| Of the many schools for young women that sprang up in the late eighteenth and early nineteenth centuries, the Saunders and Beach Academy in Dorchester emerged as one of the most respectable. Today the school is especially remembered for the noteworthy silk embroideries created by the students under the supervision of Judith Foster Saunders and Clementina Beach. Examples from this school are in the collections of the Winterthur Museum, Museum of Fine Arts Boston, Old Sturbridge Village, the Dorchester Historical Society and many others. Indeed, "no other girls' school of the Federal period has left so many positively identified examples of delicate and sophisticated pictorial needlework."
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Although the house that Mrs. Saunders and Miss Beach chose for their school is now much altered, it still stands at the corner of Adams and East Streets. The women purchased the house from William and Frederick Pope, lumber merchants based in Dorchester. Saunders had already operated a school in her hometown of Gloucester and was known for her exceptional skillful teaching of needlework as early as 1802. She had no children, and little is known of her husband Thomas Bradbury Saunders who died in 1810. Her well-known cousin Judith Sargent Murray helped Saunders and Beach with the description of their new venture
"I drew up the following preamble, and subjoined terms ? Informed that the Town of Dorchester is destitute of a Seminary for Young Ladies, and impressed with reports of a high idea of the salubrity of the air, eligibility of the situation, and liberal urbanity of the inhabitants?two ladies, the one a native of America and the other born and educated in England ?propose forming an academy in that place, where they will receive young Ladies as boarders upon terms hereafter to be committed?They engage to teach Reading, English, Grammar, Writing, Arithmetic, the French language, Geography, including the use of Globes, needle work in all its branches, painting, and hair work upon ivory ..."
and in finding a house for their new academy in 1803.
"Passing out of church yesterday I caught Doctor Townsend's eye, and requesting a moment's attention, I obtained a promise that he would call upon me this morning?.He is highly in favour of your contemplated purchase, and pronounces the house better built than any within his knowledge, the materials were well prepared, and put together, in the best manner ..."
Judith Sargent Murray, a poet and essayist whose work was published in the Massachusetts Magazine, encouraged the two women in their establishment of the school. She placed advertisements, helped them to secure the property and helped in recruiting students. Murray herself was a promoter of female abilities and believed in improved educational opportunities for women.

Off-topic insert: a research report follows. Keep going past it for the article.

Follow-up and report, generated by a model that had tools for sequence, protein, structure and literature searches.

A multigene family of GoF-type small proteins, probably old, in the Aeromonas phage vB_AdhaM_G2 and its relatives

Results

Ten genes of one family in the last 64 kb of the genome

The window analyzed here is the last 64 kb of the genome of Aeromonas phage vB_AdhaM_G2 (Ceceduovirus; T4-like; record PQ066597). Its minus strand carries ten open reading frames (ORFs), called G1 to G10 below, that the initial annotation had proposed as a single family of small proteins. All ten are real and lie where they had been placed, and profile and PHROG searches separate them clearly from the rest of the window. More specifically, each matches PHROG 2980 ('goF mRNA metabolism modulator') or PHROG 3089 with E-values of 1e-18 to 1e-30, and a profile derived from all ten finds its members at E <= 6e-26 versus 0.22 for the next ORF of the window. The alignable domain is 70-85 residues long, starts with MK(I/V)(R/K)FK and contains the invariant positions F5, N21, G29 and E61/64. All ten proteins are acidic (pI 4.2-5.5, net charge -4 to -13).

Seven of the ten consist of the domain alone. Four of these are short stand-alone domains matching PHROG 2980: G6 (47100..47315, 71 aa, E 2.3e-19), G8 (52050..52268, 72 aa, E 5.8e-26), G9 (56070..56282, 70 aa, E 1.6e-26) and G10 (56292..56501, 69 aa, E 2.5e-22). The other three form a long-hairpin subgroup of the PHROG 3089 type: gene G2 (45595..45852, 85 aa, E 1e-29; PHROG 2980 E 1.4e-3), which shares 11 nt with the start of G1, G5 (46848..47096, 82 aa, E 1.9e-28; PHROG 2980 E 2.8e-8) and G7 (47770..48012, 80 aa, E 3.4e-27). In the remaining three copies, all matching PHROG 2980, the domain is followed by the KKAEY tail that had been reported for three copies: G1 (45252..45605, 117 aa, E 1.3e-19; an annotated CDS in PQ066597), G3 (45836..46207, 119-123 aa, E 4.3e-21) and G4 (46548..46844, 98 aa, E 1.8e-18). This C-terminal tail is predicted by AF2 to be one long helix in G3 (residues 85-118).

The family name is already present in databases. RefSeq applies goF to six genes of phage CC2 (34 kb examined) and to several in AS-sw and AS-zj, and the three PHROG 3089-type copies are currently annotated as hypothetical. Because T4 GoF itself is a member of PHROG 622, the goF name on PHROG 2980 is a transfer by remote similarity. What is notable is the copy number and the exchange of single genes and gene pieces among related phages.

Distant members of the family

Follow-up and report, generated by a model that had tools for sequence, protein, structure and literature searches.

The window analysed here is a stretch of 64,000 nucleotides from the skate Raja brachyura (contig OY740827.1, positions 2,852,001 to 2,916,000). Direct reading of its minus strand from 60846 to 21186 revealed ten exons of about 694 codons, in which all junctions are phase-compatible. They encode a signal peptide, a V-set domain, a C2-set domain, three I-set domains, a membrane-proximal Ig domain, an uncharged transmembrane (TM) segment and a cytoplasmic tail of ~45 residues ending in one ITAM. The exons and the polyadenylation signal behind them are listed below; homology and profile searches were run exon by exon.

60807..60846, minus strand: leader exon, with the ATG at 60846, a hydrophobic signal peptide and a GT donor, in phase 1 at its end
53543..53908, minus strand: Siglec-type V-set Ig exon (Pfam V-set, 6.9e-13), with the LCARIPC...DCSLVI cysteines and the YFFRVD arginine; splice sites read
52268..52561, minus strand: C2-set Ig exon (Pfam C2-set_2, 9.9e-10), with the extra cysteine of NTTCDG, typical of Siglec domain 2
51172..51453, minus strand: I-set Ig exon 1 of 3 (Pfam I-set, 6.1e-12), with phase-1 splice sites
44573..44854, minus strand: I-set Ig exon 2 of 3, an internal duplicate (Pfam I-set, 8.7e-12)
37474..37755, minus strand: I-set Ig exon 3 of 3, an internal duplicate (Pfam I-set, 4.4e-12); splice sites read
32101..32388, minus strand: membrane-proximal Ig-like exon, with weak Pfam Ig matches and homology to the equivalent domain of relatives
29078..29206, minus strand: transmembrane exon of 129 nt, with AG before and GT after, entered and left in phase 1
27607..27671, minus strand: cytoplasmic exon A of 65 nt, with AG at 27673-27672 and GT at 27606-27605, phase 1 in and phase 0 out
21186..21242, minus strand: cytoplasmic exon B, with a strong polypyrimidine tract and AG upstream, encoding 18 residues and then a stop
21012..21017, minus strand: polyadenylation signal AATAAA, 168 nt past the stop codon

"I am especially gratified by that attention to the female mind, so unequivocally evinced in the encouragement given to the many seminaries for young Ladies ? this assurance gives new ardor to my wishes, that the guardians of young persons may become acquainted with the advantages attendant upon the Academy lately opened in Dorchester. A salubrious air in the vicinity of a house of worship, and the neighborhood of a meritorious and celebrated Clergyman, are capital points in the selection of a residence for children. The Academy at Dorchester unites these privileges, and the occasional resort of genteel people to this healthful recess, may under the management of the judicious preceptress, conduce much to the forming the manners of those young Ladies who are designed to figure in the great world."
The two women bought the house for their Academy from Frederick and William Pope, lumber merchants in Dorchester, on June 16, 1804, although they must have moved in prior to that. They advertised in the Columbian Centinel and the Boston Independent Chronicle in March, 1803.
Similar newpaper announcements of their spring term appeared almost every year through 1827. No other school in the vicinity advertised its facilities more profusely or consistently. The census of 1810 shows an astonishing total of forty people were then residing in this house: one young male, thirty-six young ladies, and three women. It is difficult to imagine how so many could have been adequately lodged in a house which had about nine rooms. The house was enlarged by the addition of a long ell at the rear in 1817. From 1822 to 1824 they conducted their school at other locations, but in May, 1825, they returned to their house in Dorchester, where they continued teaching until 1834 and probably longer.
Anthony Sammarco wrote an article entitled "At Dorchester academy, proper young ladies learned needlework," published in the Dorchester Community News 5 November 1993. Click hereto see the pdf version of this article.
Betty Ring. "Mrs. Saunders' and Miss Beach's Academy, Dorchester." in The Magazine Antiques, August 1976, p. 302-312.
Letter dated November 29, 1802: Judith Sargent Murray to Judith F. Saunders in Judith Sargent Murray Papers, Letter Book 12, Microfilm, Mississippi Department of Archives and History. Courtesy of Bonnie Smith.
Letter dated November 28, 1803: Judith Sargent Murray to Saunders and Beach in Judith Sargent Murray Papers, Letter Book 12, Microfilm, Mississippi Department of Archives and History. Courtesy of Bonnie Smith.
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Created: February 10, 2008 Modified: June 11, 2011